‘This page is here to facilitate change’: we spoke to the admins behind Edi BAMEfess
“I have to admit that I’m not particularly shocked by the experiences that students have had”
On the heels of the growing Black Lives Matter movement, an Edinburgh second year has created a confessions page for POC students at the University to voice any racism they have experienced.
The page is called Edi BAMEfess, and it’s a Facebook page like Edifess but for people to share their experiences of on-campus racism.
At the time of writing, the page has 49 submissions detailing stories of BAME students being subject to stereotyping, profiling, and racial slurs. We spoke to the admin of EdiBAMEfess, a second year STEM student, to get a better sense of what made them start the page and what they hope to accomplish with it.
What motivated you to set up EdiBAMEfess?
The idea for this page came about when I saw the response for the murder of George Floyd; social media pages flooded with petitions and articles, all of which felt incredibly temporary, especially when considering how easily the public seems to have forgotten about the Windrush scandal and Grenfell disaster.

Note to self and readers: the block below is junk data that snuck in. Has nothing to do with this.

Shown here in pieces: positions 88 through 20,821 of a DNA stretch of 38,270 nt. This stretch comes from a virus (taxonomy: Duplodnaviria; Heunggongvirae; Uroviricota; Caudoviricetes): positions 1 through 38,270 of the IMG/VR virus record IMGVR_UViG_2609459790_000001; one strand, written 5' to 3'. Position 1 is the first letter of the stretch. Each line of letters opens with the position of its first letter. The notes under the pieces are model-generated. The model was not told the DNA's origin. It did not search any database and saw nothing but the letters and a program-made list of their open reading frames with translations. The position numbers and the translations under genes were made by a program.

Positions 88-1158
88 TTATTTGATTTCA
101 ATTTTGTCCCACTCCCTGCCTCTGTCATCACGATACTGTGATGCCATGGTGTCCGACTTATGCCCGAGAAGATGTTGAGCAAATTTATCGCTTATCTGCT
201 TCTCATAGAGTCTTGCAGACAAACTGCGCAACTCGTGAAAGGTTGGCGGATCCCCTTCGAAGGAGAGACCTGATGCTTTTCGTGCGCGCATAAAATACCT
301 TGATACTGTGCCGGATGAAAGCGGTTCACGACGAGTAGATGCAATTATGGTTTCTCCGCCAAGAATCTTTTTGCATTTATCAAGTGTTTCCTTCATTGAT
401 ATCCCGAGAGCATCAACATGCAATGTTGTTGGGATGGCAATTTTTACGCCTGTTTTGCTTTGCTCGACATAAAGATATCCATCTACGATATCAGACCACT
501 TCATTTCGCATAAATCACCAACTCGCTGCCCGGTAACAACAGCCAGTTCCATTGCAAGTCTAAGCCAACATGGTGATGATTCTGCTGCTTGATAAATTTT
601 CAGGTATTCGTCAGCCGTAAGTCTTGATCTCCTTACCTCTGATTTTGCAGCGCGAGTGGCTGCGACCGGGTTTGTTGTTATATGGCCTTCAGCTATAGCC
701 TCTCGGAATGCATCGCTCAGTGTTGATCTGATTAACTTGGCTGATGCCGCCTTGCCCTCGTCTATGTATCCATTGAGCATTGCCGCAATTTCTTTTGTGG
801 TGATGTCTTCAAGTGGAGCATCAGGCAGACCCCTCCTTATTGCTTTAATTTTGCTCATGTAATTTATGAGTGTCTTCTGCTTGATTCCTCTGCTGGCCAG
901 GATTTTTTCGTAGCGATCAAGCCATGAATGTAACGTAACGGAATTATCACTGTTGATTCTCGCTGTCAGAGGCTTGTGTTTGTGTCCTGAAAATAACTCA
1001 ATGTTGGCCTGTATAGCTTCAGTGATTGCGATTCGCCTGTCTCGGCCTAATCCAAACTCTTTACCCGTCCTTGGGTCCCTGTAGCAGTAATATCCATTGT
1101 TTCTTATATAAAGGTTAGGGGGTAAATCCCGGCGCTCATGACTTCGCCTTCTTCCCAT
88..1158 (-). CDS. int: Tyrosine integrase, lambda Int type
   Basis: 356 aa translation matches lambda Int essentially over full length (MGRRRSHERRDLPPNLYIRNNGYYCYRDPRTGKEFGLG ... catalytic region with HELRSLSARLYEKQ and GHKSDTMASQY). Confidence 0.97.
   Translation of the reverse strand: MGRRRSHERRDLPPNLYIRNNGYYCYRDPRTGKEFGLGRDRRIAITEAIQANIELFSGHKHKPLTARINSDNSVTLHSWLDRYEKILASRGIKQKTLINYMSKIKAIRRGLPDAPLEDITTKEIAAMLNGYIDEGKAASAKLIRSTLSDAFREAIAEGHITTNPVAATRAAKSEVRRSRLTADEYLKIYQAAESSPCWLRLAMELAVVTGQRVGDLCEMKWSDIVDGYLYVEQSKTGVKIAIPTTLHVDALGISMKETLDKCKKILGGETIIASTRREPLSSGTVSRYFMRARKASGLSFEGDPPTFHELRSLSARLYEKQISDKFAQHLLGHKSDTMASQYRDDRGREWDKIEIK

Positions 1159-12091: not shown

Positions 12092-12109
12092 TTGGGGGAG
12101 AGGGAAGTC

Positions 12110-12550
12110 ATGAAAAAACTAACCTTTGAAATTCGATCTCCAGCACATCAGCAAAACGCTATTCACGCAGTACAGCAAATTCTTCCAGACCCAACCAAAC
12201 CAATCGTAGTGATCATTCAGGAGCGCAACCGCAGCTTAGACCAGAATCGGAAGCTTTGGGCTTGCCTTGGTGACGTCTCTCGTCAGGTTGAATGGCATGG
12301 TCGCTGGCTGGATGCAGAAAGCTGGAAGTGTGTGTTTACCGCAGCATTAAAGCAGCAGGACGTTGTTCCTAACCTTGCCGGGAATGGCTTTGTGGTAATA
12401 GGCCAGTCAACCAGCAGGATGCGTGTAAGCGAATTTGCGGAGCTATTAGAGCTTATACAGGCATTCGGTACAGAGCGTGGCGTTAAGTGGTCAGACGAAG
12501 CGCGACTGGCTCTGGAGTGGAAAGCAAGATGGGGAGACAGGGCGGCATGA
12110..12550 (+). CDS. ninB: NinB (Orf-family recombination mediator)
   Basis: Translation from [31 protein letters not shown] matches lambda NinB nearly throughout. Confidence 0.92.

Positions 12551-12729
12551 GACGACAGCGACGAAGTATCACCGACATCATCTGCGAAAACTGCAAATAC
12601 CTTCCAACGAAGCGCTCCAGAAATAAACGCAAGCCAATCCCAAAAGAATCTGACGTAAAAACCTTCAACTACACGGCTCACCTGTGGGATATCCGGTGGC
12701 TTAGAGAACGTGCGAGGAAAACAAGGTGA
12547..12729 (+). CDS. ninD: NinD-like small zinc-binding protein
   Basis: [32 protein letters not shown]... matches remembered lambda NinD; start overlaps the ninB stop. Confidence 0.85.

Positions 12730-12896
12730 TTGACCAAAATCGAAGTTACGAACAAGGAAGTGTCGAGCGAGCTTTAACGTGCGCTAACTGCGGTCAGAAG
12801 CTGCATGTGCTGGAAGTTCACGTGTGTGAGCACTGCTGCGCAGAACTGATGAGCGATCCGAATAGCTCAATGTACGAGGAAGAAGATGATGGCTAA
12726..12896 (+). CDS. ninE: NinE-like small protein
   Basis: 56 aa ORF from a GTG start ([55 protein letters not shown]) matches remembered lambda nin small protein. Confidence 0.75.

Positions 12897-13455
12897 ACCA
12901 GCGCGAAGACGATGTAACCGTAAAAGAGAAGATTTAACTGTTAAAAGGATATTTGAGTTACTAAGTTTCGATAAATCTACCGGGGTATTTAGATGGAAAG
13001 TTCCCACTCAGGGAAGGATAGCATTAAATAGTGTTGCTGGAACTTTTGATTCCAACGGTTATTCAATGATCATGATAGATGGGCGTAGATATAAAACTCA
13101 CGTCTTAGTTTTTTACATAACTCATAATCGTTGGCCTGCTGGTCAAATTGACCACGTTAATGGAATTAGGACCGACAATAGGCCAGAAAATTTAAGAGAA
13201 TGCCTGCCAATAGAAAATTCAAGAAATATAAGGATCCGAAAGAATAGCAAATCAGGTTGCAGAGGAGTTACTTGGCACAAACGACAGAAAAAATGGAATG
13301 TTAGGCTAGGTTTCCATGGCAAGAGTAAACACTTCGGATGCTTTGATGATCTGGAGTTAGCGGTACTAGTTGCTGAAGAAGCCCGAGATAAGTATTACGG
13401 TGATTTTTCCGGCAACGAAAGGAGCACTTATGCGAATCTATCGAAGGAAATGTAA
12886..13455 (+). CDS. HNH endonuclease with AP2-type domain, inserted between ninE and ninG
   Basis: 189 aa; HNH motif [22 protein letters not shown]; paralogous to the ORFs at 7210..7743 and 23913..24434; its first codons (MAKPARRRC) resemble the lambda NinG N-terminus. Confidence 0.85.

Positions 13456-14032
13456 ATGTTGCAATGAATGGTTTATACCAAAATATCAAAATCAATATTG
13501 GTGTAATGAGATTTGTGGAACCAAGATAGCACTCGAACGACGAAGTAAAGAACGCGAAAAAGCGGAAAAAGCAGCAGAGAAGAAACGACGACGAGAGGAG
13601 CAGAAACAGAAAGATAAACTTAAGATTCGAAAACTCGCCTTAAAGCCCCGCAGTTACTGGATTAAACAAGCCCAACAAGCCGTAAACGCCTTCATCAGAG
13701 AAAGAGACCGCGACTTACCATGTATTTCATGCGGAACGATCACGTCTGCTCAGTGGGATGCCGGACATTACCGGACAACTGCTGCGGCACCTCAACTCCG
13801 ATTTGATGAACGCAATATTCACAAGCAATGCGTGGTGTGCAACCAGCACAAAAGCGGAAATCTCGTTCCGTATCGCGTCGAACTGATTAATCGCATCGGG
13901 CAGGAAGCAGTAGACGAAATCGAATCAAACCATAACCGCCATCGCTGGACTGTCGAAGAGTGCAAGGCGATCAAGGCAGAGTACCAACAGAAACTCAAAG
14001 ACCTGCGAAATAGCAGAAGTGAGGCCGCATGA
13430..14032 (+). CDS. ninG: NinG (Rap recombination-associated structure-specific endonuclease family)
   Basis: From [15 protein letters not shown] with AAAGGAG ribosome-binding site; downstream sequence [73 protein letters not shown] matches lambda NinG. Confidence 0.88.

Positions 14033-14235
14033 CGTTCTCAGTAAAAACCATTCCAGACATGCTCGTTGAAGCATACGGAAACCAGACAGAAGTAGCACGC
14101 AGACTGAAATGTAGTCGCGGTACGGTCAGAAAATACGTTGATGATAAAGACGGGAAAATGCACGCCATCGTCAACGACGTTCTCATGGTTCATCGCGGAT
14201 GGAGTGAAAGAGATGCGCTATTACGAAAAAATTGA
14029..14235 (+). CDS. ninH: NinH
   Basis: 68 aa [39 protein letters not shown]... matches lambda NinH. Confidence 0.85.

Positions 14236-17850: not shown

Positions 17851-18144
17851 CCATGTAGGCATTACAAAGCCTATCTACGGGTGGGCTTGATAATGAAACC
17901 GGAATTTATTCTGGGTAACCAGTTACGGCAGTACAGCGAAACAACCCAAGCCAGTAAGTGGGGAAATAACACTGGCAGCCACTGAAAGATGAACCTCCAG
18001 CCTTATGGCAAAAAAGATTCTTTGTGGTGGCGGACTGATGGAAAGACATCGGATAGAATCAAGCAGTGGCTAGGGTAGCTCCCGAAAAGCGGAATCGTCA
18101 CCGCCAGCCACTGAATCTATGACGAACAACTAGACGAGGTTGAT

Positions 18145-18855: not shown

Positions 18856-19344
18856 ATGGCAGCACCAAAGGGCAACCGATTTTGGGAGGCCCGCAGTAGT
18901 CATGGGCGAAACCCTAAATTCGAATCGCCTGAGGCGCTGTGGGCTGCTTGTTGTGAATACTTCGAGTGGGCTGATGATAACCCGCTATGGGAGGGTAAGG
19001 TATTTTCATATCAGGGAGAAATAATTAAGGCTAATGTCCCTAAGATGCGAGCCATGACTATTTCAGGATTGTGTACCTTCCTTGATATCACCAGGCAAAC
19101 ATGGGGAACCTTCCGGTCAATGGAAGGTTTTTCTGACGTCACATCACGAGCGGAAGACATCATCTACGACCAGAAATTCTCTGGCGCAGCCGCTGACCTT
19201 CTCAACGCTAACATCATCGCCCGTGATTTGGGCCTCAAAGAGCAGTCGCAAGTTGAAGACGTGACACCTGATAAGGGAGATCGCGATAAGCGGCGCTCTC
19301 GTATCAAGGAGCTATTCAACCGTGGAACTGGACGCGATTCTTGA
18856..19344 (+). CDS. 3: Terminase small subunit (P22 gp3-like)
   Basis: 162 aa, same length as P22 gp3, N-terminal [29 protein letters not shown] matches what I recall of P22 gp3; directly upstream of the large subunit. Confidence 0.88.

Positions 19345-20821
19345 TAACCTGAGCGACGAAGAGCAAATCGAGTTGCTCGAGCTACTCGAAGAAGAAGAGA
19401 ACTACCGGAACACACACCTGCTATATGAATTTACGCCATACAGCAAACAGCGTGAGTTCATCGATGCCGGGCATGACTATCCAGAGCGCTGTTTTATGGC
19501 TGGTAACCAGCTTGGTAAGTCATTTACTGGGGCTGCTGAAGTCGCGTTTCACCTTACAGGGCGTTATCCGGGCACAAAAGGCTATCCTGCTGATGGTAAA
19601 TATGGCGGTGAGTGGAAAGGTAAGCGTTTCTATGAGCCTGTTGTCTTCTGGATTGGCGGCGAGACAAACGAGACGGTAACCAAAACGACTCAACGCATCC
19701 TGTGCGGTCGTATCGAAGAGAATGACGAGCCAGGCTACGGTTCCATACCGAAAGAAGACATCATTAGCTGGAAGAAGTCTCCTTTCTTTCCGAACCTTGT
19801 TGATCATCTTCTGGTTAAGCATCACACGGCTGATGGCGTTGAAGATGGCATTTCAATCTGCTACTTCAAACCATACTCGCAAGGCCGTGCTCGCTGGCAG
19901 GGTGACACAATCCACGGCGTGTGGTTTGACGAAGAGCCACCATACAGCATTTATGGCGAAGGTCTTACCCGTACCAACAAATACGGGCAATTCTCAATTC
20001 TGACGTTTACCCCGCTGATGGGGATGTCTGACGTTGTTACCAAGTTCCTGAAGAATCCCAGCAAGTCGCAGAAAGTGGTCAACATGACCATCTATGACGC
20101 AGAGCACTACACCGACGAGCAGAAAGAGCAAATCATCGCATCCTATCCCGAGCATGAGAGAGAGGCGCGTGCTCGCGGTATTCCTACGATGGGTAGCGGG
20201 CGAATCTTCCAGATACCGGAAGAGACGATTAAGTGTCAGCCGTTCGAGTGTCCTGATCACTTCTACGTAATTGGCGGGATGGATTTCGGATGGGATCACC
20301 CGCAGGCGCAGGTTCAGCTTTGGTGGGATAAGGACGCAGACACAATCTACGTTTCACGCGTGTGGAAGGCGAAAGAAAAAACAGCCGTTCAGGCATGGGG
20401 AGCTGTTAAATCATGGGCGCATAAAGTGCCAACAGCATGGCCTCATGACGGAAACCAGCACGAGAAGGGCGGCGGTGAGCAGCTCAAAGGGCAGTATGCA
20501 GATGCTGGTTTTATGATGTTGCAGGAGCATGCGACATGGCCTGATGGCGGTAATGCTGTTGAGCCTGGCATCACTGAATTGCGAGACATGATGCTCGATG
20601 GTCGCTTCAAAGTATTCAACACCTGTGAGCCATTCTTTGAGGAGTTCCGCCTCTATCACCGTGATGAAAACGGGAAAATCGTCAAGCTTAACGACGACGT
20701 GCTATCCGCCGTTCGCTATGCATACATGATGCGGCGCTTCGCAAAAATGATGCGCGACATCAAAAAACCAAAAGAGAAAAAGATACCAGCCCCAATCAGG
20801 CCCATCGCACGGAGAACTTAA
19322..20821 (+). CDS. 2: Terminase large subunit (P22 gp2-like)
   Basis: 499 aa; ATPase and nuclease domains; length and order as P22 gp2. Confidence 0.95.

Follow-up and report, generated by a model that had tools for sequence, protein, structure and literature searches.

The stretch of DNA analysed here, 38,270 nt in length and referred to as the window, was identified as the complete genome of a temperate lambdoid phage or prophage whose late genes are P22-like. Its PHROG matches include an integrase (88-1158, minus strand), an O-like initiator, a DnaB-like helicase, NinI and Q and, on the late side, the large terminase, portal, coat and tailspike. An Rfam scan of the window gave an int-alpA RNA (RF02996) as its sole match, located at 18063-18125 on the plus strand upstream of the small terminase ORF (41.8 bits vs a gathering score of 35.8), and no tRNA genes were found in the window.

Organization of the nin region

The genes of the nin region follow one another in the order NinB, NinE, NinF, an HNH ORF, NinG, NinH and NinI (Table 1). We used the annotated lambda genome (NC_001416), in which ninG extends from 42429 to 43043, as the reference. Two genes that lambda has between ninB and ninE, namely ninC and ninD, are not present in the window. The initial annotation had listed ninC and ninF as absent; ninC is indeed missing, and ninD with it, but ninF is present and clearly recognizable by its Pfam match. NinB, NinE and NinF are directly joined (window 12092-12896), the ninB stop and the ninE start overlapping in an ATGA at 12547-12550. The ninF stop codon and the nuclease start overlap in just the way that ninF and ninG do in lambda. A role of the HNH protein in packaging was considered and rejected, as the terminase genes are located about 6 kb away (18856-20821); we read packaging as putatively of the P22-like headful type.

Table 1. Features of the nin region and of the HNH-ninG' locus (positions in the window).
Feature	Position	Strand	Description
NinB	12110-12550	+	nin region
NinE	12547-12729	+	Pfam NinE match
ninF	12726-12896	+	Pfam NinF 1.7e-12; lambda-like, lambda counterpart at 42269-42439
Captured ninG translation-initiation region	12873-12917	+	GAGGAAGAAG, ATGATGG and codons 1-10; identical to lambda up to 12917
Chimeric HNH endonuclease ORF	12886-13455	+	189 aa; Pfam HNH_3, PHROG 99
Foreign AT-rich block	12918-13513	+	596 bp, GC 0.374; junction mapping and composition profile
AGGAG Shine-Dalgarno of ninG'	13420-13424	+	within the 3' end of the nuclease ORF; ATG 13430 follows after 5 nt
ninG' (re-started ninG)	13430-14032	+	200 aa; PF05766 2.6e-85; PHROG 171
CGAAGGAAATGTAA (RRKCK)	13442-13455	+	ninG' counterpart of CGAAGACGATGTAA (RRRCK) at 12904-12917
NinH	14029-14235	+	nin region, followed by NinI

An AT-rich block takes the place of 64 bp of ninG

By creating this page I hoped to produce a more permanent remnant of the conversation currently taking place, and give a space for the BAME community to be speak and be heard. Pages already in existence, such as Edifess, haven’t really been able to provide reassurance to myself or other members of the BAME community. The outrageous post “#Edifess4060 Forget EUTIC. Forget DramaSoc. Forget Rowing. Clearly the most incestuous society is PakSoc. These people literally get married to their cousins,” which is still up, doesn’t exactly create a space where people of colour can express the racism they’ve experienced and feel they are being listened to.